TripAdvisor, which started out as a travel information provider, recently started direct bookings on its own site to diversify away from making money by referring users to existing online travel agents.
Google has taken similar steps. It offers a feature that lets people who've already shared credit card information with Google to book some hotels without filling in that payment data again on travel agents' sites. Heckmann insisted the tool isn't a first step toward handling bookings completely and said the actual transaction still takes place on travel agents' computer servers. Google is just trying to speed up the process, he said.
Still, Google also offers a "Book on Google" feature when people search for flights. In some cases, users can purchase tickets without leaving Google. The company passes passenger details and payment information on to booking partners, which could be an airline, not just an online travel agent, according to Google's support website. And in July 2015, it launched a partnership with travel technology provider Sabre Corp. that lets travellers search for hotels on Google Search, Google Maps or Google+, and then book a room directly with the hotel without leaving the page.
Google's latest moves are the most aggressive, and the most likely to push online travel agents into taking some of their marketing dollars elsewhere. Priceline and Expedia each spent more than $1 billion in the third quarter to get customers to come to their sites to book trips. Much of that went to Google, putting Priceline and Expedia among Google's top 10 search advertisers.
Google ad revenue from the sector is still solid, but Google is making a risky bet, said Jason Hartley, a search marketing executive at ad agency 360i. OTAs already advertise on Facebook Inc. and expect the social media giant to build more travel marketing options in the future.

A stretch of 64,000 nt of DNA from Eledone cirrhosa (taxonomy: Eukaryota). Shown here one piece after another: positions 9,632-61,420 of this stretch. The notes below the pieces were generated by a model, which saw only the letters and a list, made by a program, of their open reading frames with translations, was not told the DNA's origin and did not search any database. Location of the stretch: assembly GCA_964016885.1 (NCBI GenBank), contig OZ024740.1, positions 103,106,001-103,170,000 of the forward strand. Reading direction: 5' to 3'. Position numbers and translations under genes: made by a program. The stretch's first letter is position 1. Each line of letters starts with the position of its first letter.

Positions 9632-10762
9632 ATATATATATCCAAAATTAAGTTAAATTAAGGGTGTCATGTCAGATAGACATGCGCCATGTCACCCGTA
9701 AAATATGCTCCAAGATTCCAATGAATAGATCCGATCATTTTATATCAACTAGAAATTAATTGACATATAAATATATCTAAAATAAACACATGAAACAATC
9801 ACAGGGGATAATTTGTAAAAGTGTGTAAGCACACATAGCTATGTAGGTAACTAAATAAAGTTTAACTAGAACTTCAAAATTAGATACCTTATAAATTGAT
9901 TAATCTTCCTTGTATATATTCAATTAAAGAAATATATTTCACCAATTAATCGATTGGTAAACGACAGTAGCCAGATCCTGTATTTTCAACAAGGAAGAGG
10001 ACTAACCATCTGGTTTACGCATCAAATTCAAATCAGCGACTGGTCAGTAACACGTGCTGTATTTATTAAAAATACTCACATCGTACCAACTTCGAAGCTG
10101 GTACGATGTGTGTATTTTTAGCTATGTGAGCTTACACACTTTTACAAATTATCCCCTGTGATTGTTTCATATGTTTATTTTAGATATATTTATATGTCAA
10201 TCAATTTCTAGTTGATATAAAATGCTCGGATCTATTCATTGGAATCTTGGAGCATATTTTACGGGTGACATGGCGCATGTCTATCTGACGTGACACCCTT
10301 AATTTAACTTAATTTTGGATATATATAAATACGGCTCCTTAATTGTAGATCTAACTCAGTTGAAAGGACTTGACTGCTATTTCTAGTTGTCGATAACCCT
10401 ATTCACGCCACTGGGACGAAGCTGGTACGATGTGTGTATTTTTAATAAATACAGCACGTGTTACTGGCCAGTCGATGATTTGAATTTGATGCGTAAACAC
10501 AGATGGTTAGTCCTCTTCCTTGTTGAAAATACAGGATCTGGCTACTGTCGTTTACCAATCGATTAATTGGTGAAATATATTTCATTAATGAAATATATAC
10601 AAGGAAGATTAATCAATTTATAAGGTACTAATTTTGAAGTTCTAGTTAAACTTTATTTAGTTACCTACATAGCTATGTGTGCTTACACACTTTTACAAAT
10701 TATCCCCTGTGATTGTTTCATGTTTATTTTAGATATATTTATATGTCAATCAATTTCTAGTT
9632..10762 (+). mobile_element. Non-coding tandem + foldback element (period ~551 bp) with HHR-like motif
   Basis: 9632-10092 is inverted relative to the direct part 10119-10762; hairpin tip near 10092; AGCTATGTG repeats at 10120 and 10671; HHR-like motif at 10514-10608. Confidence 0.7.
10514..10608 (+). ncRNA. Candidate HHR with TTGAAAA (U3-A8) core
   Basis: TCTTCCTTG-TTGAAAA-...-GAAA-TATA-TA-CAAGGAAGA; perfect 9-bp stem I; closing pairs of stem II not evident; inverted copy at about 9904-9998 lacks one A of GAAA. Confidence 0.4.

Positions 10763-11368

Google has "probably done the math, and they've figured out that they have more to gain than to lose," Hartley said. That calculation involves the rise of mobile devices and voice-based digital assistants, which is changing how travelers research and book travel online. Smaller phone screens and information delivered only by voice won't support traditional text-based search ads and will require Google to offer simpler experiences with fewer steps.
Some online travel executives said their own nimbleness will fortify them against Google's entry.
"Google is an advertising platform and everything that we’ve seen of them is they’re going to continue being an advertising platform,’’ said Expedia Chief Executive Officer Dara Khosrowshahi. "Google might let some searchers bypass Expedia by sending them straight to hotel and airline websites but the reality is Expedia, as a tech company, is much better set-up to work in Google’s universe to capture customers."
Hotels and airlines are less prepared for combat, he added.
News by Bloomberg, edited by Hospitality Ireland